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What Does Six Sigma Mean?

So, Just What Does “Lean Six Sigma” Mean?

For the past 30+ years, the Lean Six Sigma (L6S) improvement process has been used to boost effectiveness and make a positive impact on the bottom line for both manufacturing and service companies. While it’s generally assumed that applying these tested methods should lead to profit increases between 10% and 40%, the results in individual organizations don’t always live up to expectations.  One reason for such subpar performance may be due to a misunderstanding of the definitions for L6S.

Since Motorola coined the phrase “Six Sigma” over 20 years ago, it has become part of our common language and has acquired many definitions over the years.

Most continual improvement practitioners, Lean Six Sigma Belts, and other quality professionals would agree that there are three fairly common definitions of the phrase “Lean Six Sigma.” These definitions are the subject of this article.

 

Definition 1: A Philosophy of Continual Improvement

Companies that claim they are a “Lean Six Sigma” company don’t generally intend to imply that all their processes are performing at a level of 3.4 defects per million opportunities.

What they mean is that over the years they have integrated a philosophy of continual improvement into the DNA of their company.

Not only do they have multiple ongoing Lean Six Sigma projects, but the practice of continual improvement is present in everything they do. Every process they perform, every product / service they produce, and every client they serve has been affected by continual improvement.

The tools used in the Lean Six Sigma processes of DMAIC and DMADV have been integrated into every aspect of their work. Their decisions are data driven and the customer is king.

These are true “Lean Six Sigma” companies.

 

Definition 2: A Measure of Variation

The phrase, “Lean Six Sigma” sometimes is written as “6σ.” This contains the lower case Greek letter, sigma. For those of you not familiar with it, this is the symbol for the standard deviation of a population.

Sometimes, when we’re talking about “Lean Six Sigma,” we are simply discussing variation. It may be the natural variation in the process, the variation in the product, or the variation in meeting customer requirements.

We would normally use “s” to represent this variation since most data is a sample of the population, but the use of “σ” has made its way into the lexicon.

There is a difference in the way “s” and “σ” are calculated and it’s important to use the correct equation.

With Definition 2, generally speaking, the smaller the value, the better the process.

 

Definition 3: A Process Performance Metric

This is the most commonly used definition of “Lean Six Sigma” and the typical reference is the 3.4 defects per million opportunities. It is a true Quality metric, like capability indices, since it describes “how well” the process is performing in relation to the requirements.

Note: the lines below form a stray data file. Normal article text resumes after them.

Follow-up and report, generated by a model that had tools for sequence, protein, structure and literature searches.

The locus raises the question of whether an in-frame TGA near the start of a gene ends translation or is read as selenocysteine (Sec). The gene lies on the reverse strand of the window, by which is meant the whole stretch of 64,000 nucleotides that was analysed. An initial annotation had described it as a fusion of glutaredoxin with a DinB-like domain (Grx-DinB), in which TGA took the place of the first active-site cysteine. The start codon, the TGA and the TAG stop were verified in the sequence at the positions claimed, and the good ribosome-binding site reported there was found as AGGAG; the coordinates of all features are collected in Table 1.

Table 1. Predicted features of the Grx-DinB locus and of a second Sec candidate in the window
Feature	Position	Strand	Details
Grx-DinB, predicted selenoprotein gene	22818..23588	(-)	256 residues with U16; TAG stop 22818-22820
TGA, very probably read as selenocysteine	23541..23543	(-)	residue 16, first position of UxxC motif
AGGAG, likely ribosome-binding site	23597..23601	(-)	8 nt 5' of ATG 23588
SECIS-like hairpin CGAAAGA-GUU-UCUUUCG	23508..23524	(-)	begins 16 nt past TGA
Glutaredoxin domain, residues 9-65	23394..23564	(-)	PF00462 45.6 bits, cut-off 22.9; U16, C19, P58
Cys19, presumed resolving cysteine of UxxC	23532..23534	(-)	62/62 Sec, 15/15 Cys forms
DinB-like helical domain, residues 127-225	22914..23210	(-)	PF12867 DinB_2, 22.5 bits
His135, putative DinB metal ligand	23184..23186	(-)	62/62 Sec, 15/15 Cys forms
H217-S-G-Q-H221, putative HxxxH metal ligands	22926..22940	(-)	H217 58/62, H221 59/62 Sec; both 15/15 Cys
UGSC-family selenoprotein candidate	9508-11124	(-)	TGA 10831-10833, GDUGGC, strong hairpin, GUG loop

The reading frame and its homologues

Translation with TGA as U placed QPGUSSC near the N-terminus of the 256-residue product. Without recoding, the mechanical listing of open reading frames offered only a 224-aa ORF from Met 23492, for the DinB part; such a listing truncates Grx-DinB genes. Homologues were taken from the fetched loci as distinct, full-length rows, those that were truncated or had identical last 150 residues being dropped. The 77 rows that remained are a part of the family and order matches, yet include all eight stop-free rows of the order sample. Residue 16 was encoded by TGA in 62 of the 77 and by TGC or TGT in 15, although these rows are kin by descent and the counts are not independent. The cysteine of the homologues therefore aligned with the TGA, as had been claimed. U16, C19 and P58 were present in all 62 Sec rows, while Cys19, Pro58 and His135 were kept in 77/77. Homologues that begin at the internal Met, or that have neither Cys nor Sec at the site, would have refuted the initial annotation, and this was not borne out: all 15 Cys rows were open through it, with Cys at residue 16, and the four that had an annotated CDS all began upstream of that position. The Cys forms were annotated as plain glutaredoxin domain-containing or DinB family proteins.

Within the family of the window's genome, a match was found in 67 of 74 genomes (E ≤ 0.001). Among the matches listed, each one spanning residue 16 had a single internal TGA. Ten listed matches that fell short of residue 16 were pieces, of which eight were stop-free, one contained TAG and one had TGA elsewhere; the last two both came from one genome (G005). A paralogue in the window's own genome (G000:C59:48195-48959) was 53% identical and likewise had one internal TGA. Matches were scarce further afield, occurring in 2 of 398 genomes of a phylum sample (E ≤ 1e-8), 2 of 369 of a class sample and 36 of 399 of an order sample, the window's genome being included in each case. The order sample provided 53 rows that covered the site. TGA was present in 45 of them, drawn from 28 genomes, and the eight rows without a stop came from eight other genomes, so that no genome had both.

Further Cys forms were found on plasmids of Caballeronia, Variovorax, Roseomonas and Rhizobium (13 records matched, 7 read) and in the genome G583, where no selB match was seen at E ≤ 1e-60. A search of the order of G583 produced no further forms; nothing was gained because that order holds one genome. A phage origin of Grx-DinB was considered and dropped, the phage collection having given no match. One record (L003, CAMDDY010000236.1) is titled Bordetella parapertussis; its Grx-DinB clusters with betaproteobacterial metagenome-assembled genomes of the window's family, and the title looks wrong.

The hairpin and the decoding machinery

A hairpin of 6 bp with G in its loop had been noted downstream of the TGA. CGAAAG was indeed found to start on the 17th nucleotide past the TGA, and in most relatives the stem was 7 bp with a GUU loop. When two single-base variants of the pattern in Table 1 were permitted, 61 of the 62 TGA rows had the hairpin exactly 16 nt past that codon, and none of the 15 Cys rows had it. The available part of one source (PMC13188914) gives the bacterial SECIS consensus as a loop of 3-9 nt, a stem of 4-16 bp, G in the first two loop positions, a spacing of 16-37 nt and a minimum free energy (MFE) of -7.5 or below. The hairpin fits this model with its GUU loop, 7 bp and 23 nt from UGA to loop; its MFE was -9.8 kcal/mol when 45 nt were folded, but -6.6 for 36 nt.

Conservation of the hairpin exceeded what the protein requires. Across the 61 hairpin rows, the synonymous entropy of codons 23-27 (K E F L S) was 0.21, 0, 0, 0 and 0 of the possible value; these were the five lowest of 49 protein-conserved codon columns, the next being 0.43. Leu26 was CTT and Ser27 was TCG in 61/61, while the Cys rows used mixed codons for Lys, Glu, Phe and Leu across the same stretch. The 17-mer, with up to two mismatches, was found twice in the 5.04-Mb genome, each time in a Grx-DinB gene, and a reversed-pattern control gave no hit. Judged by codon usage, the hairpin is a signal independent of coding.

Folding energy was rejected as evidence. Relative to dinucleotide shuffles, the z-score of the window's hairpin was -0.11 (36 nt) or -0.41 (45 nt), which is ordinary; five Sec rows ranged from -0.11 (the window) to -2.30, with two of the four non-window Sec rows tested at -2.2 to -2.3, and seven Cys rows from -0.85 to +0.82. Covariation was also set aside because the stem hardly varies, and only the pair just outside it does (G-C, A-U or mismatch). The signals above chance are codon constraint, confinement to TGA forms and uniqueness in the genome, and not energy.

The metric can be used regardless of process (manufacturing and service) or data type (variable and attribute).

The calculations use the critical customer requirement (CCR) and process performance statistics.

For attributes data we use the Defects Per Million Opportunities (DPMO) calculation. The numbers needed from the process to calculate DPMO are the number of defects, the number of defect opportunities, and the number of units.

The equation is:

                                                Number of Defects

         DPMO  =           ----------------------------------------------------     x  106

                                    Defect Opportunities x Number of Units

 

Once DPMO is calculated we can reference a conversion table to find the corresponding sigma value.

For variables data, the average and standard deviation of the process are the statistics needed. We use the standard z calculations for the corresponding sigma value. The calculations are slightly different for a one-sided specification than for a two-sided specification.

In both the variables and attributes data calculations, we end up with a sigma value.

Using Definition 3, the larger the value, the better the process. A “4σ” process is better than a “2.5σ” process. This is opposite to what we desire in Definition 2. In that case we want the sigma value to be as small as possible.

To reduce confusion in any discussion, it is critical that we have a common understanding of which definition of “Lean Six Sigma” is being referenced.

It should be noted that there are quite a few quality professionals that disagree with this calculation for a variety of reasons.

I think it’s another useful tool to look at process performance.

In summary, there are three common definitions for the phrase “Lean Six Sigma”:

  1. A Philosophy of Continual Improvement
  2. A Measure of Variation
  3. A Process Performance Metric

In order to have meaningful discussions, it is important to understand which definition is being used.

So, how does understanding the definitions impact the bottom line for your organization?  By starting with the right baseline, and implementing the right principles, you can expect to see results mentioned at the beginning of this article. 

For this reason, I always recommend seeking the input of an experience LEAN Six Sigma consultant when shaping your strategy, and training your employees at all levels of the organization to understand and apply that strategy according to best practices.

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